Sunrise in Coldfall Wood

The view from the entrance to Coldfall Wood

Dear Readers, I don’t know about you, but we’ve been having some positively apocalyptic sunrises and sunsets during this winter. Today the clouds scudded across the sky like galleons, and there was a strangely ethereal light over Creighton Avenue here in East Finchley. Like many of us, I’ve noticed the sky a lot more during lockdown, and although the long, dark nights can be depressing it’s been good to actually see the sunrise, much more unlikely when the sun pops up at 4 a.m. during midsummer.

I made a visit to my favourite fallen tree – it looks more and more like a stick -insect in the act of righting itself to me. It’s a popular spot for dog walkers and smokers and anyone who just wants to take a few minutes out for a breather.

We’ve learned that if we can get out of the door before 7.45 a.m., we have a lot less company – all the school children and their parents seem to burst out of the door at 8 a.m. so we have a bit of time before it gets (relatively) busy. Social distancing is trickier when the path on either side of the road is ankle-deep in mud (clay soil definitely has its disadvantages).

And then we’re off to the flooded part of the woods, which is looking rather less flooded than in previous years. I always look hopefully at the bulrushes in case a reed bunting or a bearded tit has turned up (no comments please) but no luck so far.

I had always thought that the ‘oil stains’ that you see on ponds and streams were evidence of pollution, but apparently some naturally-occurring bacteria produce this kind of effect as they break down nutrients in the water. Who knew? However, the foam on some parts of the stream is probably due to run-off so I don’t think we’ll be having ‘Coldfall Wood Spa Water’ any time soon.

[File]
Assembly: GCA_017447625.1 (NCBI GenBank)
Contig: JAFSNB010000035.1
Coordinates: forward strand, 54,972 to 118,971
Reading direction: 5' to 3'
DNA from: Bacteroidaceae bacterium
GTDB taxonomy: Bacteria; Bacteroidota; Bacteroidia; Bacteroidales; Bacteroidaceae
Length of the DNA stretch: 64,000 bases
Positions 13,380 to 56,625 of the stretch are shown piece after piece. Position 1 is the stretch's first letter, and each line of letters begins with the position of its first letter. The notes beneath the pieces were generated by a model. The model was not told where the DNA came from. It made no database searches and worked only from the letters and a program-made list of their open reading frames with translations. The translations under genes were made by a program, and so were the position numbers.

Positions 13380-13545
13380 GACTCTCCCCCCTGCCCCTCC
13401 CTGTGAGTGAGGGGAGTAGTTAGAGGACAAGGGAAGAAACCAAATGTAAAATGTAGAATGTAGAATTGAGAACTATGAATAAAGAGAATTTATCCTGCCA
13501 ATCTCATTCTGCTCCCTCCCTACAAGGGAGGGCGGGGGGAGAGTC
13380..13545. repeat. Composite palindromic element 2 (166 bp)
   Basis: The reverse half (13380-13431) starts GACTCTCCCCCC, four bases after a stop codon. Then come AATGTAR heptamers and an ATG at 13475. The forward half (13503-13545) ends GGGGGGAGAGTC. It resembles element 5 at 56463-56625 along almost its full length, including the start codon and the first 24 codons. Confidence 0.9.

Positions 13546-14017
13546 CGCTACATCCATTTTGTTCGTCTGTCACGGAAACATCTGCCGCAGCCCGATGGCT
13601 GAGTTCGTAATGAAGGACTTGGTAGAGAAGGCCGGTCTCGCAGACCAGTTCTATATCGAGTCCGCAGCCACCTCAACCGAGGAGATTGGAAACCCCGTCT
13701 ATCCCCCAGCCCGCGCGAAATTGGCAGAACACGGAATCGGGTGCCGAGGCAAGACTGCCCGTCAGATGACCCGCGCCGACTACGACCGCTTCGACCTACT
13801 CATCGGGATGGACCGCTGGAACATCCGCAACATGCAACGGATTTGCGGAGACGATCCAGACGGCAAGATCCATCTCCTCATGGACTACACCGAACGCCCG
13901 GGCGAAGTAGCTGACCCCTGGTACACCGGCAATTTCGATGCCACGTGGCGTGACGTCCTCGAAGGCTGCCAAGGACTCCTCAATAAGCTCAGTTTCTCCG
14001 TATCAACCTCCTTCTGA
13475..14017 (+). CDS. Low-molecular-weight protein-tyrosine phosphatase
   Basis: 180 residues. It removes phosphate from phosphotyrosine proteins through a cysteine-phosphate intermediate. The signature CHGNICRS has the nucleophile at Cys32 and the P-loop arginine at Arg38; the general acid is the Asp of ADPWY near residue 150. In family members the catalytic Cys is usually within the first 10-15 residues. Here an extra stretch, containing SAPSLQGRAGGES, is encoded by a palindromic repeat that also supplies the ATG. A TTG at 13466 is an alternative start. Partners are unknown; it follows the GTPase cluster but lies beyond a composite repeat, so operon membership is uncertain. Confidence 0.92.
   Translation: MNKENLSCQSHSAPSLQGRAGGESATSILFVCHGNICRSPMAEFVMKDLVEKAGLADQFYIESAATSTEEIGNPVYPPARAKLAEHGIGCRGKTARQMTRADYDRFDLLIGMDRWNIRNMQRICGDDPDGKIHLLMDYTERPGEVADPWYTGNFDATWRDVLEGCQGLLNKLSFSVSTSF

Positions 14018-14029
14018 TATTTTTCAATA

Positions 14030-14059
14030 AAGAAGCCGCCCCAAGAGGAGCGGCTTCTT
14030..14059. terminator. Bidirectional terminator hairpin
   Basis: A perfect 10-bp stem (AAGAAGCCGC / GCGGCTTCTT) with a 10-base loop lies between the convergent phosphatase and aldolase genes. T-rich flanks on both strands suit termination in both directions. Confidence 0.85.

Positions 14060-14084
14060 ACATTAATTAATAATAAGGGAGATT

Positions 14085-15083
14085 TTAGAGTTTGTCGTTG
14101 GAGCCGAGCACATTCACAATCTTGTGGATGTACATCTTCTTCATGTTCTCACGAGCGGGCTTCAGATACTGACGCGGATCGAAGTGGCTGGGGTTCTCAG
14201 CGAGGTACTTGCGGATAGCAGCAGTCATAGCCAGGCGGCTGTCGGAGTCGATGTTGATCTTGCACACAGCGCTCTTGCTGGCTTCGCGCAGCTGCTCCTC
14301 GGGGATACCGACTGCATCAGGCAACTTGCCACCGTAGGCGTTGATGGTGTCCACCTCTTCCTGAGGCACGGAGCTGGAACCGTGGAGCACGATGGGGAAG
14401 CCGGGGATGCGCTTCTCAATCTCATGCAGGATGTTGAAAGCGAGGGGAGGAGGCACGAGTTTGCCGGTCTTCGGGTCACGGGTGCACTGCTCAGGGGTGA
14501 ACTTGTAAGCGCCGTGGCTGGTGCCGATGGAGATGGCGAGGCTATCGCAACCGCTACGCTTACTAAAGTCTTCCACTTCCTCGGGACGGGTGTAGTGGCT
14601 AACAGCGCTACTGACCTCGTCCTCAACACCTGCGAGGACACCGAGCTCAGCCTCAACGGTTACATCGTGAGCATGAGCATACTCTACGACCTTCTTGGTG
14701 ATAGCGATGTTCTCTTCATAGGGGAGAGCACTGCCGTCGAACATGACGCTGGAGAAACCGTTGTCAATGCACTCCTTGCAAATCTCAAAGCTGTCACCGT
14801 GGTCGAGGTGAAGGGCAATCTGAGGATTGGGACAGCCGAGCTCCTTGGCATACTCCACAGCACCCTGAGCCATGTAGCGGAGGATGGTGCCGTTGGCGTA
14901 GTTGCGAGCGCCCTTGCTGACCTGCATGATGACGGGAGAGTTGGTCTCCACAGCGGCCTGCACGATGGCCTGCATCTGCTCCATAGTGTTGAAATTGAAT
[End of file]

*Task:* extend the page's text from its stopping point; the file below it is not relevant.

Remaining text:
And look, the sun’s coming up…

There are still a few recalcitrant leaves clinging on for grim life.

And how about this crow? The crows of Coldfall Wood are an interesting bunch, always calling to one another from the tree tops and occasionally harassing the dogs on the playing fields. This one looks like the monarch of all s/he surveys. In fact, these photos look almost like a reflection on a pool, very disorientating.

And as we head for home, the light turns from icy white to warm gold, filtered through the bare trees. It’s funny how everything seems to spring into life with a touch of sun, even in mid winter. The world is still turning, in spite of all our human nonsense.

4 thoughts on “Sunrise in Coldfall Wood

  1. Malachy Malagrowther

    The transience of each sunrise (and sunset) is a lesson in itself. Some are unbelievable – but by the time you have gone back for your camera they have invariably changed into something else.

    1. Bug Woman Post author

      Absolutely true. I’ve pretty much given up trying to photograph them now, unless I’m taking a walk for the blog. Sometimes it’s lovely to just stand and watch the colours change….

  2. Anne

    I am usually awakened by the Hadeda Ibises about half an hour before sunrise – which meant they were calling to each other by twenty past four this morning! I generally rise soon after that to enjoy the still cool part of each day – and to enjoy the sunrise 🙂

    1. Bug Woman Post author

      We have a programme on the BBC at the moment about an artificial waterhole that was set up to see what the ecosystem around it would be like, and so I saw my first ever Hadeda ibis on the TV a few nights ago. What handsome birds they are!


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